The Radio Series is well worth listening to if you can. The TV series was pretty good-- good acting. The movie-- the less said the better.



Valuethinker,

Thanks for the leads to further Adams reading, which I’ll pursue when I’m done with HGTTG (I’m in no hurry and already sorry it will end). Although I didn’t know about his wife’s planning work, I could understand that part from my early news reporting days covering city planning councils and appreciate how far Adams’s imagination and satire took it. From the sheer energy in what I’ve read so far, it’s hard to believe Adams could ever have writer’s block. Almost every sentence has me laughing when what begins with the extraordinary ends with the hilarious ordinary, such as during the terrifying destruction of Earth. “The ships hung in the sky in much the same way that bricks don’t.” Then there is this line, “The news was always heavily edited to fit the rhythms of the music,” which should remind us Bogleheads of the CNBC format - heavily tailored to fit the short-term rhythms of speculating. Character after character has a distinct personality and, so far, an unexpected trait (the most recent I've come across is the goofy philosopher Vroomfondel seeing "demands" where there are none). What fun and thanks again for your Topic on Adams. :beer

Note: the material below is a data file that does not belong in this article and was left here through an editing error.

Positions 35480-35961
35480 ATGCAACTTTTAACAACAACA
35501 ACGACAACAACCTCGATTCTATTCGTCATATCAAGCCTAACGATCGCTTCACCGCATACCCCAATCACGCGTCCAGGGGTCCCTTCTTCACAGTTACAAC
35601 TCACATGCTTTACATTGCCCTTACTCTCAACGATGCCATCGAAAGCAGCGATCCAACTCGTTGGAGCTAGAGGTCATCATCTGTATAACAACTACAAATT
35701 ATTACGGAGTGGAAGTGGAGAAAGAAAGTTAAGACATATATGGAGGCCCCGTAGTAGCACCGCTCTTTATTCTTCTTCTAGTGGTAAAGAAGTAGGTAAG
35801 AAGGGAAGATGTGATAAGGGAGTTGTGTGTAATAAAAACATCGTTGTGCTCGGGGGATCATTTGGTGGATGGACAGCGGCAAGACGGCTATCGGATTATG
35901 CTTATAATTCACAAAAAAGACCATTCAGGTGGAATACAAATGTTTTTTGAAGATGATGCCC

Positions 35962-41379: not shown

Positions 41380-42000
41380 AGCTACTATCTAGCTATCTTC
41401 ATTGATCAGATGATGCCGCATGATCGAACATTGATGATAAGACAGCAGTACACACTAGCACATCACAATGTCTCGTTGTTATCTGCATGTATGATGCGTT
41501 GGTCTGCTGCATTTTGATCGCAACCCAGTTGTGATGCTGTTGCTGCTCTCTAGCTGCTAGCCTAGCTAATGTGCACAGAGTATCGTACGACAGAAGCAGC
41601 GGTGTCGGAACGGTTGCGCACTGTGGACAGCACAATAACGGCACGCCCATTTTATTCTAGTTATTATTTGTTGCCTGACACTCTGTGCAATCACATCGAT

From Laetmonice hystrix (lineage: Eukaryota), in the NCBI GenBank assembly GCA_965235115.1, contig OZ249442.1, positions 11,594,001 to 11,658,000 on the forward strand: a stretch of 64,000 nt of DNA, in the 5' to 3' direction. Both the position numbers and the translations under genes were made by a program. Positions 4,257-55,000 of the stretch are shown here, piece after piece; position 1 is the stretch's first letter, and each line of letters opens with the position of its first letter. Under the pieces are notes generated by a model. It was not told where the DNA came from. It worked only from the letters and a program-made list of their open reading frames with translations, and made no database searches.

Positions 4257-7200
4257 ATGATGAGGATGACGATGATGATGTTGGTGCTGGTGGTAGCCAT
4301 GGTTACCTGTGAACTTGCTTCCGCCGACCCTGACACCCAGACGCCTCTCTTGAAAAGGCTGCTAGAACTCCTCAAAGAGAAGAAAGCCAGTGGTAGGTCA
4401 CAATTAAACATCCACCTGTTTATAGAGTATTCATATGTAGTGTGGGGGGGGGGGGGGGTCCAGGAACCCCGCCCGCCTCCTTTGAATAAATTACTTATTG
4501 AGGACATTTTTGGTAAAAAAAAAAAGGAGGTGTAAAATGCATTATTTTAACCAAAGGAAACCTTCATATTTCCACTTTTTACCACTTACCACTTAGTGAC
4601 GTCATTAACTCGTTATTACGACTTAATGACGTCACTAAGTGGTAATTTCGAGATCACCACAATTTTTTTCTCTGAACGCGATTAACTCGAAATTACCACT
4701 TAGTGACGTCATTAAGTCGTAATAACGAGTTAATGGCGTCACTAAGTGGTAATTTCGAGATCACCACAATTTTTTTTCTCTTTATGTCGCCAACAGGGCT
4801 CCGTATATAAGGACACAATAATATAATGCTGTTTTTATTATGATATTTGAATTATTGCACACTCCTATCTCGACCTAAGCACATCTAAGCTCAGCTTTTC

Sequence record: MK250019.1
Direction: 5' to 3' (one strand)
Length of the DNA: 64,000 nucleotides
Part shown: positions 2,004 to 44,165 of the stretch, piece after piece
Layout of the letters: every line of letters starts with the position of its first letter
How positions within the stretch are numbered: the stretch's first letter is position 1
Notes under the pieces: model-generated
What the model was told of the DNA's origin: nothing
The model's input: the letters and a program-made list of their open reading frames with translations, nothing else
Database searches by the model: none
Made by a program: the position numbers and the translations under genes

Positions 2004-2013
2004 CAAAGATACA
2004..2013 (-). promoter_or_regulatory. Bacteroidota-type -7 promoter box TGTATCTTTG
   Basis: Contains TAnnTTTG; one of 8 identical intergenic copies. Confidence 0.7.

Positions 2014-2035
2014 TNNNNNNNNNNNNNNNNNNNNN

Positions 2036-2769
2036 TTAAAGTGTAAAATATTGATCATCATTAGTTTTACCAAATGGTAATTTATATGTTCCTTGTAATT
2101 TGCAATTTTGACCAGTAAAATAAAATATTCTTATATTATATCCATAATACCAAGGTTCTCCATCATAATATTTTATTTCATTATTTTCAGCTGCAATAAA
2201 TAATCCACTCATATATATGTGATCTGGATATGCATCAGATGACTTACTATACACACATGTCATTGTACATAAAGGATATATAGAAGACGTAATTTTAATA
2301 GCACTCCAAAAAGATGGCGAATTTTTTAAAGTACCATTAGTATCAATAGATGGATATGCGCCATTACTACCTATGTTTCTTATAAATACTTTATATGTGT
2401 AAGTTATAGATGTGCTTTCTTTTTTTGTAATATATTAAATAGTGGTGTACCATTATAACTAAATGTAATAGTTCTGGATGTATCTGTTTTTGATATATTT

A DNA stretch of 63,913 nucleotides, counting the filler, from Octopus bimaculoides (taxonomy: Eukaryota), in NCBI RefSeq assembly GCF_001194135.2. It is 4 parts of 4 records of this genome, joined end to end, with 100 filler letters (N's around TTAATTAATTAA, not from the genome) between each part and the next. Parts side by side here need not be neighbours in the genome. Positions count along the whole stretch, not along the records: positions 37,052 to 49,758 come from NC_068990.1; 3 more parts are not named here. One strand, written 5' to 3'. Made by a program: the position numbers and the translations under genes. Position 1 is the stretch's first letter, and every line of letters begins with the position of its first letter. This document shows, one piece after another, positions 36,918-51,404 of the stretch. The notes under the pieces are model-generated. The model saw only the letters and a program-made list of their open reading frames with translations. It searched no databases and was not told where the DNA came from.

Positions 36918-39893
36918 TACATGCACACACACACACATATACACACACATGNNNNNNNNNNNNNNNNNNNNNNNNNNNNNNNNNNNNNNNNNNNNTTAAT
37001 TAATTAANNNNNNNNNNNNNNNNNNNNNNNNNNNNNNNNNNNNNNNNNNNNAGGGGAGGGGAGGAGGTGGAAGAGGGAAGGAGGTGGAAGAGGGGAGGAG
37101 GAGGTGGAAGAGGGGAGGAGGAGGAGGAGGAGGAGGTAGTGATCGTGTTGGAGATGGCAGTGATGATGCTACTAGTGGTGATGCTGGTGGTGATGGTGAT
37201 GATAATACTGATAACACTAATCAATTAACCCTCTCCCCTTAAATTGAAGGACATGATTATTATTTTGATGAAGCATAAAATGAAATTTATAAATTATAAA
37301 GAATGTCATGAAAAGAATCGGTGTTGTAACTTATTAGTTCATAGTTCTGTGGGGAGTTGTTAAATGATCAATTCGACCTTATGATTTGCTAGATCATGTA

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Re: What Book Are You Currently Reading? Part V

Postby Bungo » Mon Jun 17, 2013 12:48 am

I recently finished Why Evolution Is True by Jerry Coyne. Good, readable, up-to-date summary of the many layers of evidence in favor of evolution. He spent too many paragraphs for my taste shooting down the creationists; to my mind the facts speak for themselves and there is no need to mention nonscientific competing "theories," no more so than we would expect a mathematical text to waste time addressing claims of circle-squarers and angle-trisectors. But this is a minor complaint. The science itself is laid out very clearly and persuasively, without overwhelming the general reader with too much jargon or detail.